4. The contention is that inasmuch as the assessee has his principal business in Indore, by reason of sub-section (1) of the section 64 he is entitled to be assessed by the Income-tax Officer of that area. It is said that before the Income-tax Act was made applicable to Indore the assessee could not claim his right under section 64 (1), but as soon as this section applied, whatever the jurisdiction of the Income-tax Officer, Bombay, was that jurisdiction ceased and the only officer who had jurisdiction was the Income-tax Officer of the area in question, viz., Indore. In putting forward this argument Mr. Kolah completely ignores and overlooks the provisions of sub-section (5) of section 64 and the provisions of that sub-section are :

'The provisions of sub-section (1) sub-section (2) shall not apply and shall be deemed never at any time to have applied to any assessee - (a) on whom an assessment or re-assessment for the purposes of this Act has been, is being or is to be made in the course of any case in respect of which a Commissioner of Income-tax appointed without reference to area under sub-section (2) of section 5 is exercising the functions of a Commissioner of Income-tax..'

5. The scheme of this sub-section is clear that the right, if one may so put it, to territorial assessment is taken away where a specific case is assigned to an Income-tax Officer. The right to territorial assessment only exists where there is no assignment of the particular case of the assessee to a specific Income-tax Officer. In this case, as we have already pointed out, the specific case of the assessee was assigned first to the Commissioner of Income-tax (Central) to the Income-tax Officer, Section I (Central), under section 5 (5), and ultimately it was transferred by the Commissioner of the Income-tax Officer, Section VI (Central), Bombay. Therefore it is clear that section 64 (5) overrides section 64 (1) and the assessee cannot claim the right of territorial assessment conferred upon him by section 64 (1).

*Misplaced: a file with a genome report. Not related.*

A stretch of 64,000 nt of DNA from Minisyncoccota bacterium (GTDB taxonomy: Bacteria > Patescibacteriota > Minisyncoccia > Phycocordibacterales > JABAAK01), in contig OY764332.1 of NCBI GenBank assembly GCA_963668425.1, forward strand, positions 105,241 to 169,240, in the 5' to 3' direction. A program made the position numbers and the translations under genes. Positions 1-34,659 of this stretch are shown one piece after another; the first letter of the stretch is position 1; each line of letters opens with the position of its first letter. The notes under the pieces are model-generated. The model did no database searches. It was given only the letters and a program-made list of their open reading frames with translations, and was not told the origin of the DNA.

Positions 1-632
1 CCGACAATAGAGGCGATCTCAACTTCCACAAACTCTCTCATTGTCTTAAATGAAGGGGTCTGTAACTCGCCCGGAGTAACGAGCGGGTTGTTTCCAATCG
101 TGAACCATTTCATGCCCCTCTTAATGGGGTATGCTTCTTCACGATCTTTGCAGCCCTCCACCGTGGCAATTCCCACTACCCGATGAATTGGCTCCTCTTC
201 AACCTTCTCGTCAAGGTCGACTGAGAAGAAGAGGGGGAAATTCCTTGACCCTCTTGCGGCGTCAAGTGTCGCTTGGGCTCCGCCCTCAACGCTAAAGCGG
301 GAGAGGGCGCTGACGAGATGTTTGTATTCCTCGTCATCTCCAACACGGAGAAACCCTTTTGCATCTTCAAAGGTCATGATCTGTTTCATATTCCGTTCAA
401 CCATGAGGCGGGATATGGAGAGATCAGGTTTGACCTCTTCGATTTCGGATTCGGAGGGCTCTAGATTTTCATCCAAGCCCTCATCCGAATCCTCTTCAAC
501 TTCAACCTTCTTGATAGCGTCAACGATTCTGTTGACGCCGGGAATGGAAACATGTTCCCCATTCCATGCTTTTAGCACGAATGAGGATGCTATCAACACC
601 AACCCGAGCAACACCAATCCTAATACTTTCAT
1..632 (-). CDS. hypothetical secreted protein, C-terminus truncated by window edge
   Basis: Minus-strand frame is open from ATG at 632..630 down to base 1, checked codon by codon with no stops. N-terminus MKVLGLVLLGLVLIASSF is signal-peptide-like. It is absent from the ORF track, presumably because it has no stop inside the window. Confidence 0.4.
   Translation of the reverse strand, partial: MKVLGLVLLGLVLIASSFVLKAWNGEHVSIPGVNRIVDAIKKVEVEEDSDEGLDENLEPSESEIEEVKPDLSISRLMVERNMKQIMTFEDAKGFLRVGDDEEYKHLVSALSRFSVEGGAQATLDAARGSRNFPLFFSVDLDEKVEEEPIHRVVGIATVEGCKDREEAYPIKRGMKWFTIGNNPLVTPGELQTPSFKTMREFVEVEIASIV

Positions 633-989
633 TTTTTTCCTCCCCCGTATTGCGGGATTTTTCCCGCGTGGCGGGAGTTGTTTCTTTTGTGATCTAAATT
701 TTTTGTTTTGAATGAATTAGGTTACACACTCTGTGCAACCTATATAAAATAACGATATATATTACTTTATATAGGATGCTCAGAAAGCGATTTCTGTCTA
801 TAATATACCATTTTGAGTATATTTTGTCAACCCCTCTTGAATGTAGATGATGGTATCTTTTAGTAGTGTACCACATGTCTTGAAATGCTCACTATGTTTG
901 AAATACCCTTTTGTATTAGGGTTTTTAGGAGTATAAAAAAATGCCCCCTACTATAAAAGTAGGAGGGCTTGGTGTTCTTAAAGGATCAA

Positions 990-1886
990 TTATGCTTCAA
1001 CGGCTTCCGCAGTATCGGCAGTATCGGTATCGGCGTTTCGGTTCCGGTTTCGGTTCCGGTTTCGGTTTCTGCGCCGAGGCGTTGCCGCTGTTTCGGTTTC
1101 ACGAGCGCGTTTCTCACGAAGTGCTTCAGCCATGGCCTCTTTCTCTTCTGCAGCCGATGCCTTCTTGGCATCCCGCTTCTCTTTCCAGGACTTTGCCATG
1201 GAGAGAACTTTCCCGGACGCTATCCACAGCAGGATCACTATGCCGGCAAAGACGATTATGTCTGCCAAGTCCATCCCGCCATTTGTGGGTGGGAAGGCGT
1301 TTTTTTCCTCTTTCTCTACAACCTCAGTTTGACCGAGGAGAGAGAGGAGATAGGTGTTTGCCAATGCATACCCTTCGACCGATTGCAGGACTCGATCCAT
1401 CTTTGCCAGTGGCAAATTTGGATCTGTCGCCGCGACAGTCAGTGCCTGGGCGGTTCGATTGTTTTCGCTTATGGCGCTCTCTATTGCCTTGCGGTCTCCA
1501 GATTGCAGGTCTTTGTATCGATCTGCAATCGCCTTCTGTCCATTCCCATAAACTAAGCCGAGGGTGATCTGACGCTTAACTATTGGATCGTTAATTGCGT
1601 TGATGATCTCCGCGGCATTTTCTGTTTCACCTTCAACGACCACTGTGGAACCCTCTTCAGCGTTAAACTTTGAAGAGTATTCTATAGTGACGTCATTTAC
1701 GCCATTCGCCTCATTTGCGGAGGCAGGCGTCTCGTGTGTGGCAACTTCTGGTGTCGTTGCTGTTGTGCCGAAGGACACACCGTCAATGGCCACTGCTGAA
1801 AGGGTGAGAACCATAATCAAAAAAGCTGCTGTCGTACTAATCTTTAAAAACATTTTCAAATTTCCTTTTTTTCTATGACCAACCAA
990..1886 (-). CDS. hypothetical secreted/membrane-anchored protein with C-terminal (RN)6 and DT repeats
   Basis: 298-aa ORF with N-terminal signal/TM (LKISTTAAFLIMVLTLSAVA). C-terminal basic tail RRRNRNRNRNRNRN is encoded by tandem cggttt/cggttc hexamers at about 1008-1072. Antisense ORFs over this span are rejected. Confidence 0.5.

6. The next contention of Mr. Kolah is that, even assuming section 64 (5) applies, the force of the notification issued under the various sections exhausted itself as soon as Madhya Bharat was merged in India and the Income-tax Act applied to Indore. Mr. Kolah says that the Income-tax Act has only a territorial application and it applied to British India and the notifications issued under that Act could only apply to British India, but as soon as Indore Became part of India and the Income-tax Act applied to that part, it was necessary to issue a fresh notification so that it should apply to Indore and to the residents of Indore. This contention would have had considerable force if the notification was a notification with a territorial operation. But it is clear that the notification applies to the specific case to the assessee irrespective of his residence, irrespective of the country of which he is a citizen, and irrespective of where he may be carrying on his business. The notification is, as it were, in personam and not territorial. Therefore it is difficult to understand what possible effect the merger of Madhya Bharat with India can have on the notifications by the specific Income-tax Officer appointed, that Income-tax Officer still had the jurisdiction to deal with that case by reason of the same provisions of the law which provisions were in no way effected by the merger of Madhya Bharat with India or the application of the Income-tax Act of Madhya Bharat.

7. The last argument of Mr. Kolah is that the notification deals not with the case of assessee but with a particular area because the address of the assessee is mentioned in the notification, and it is suggested that inasmuch as the assessee is not carrying on his business at the address mentioned in this notification the jurisdiction of the Income-tax Officer to deal with this case has ceased. It is indeed a rather surprised argument that if an assessee whose case has been specifically referred to an Income-tax Officer changes his address he thereby divests the Income-tax Officer of his jurisdiction. If that were the true position, most assessees would be doing nothing else except trying to alter their addresses so as to deprive the Income-tax Officer of the jurisdiction under the Act. Unfortunately, in the order of the Tribunal there is no reference whatever to section 64 (5). In our opinion that is the only section which is relevant and material in order to consider the jurisdiction of the Income-tax Officer concerned. We have had therefore no assistance from the order of the Tribunal as to why they have taken the view that the jurisdiction which was vested in the Income-tax Officer, Section VI (Central), was divested by reason of the Indian Income-tax Act being extended to the whole of India.

We must therefore answer the question raised :

(1) In the negative. (2) Does not arise. The assessee to pay the costs.

8. Reference answered accordingly.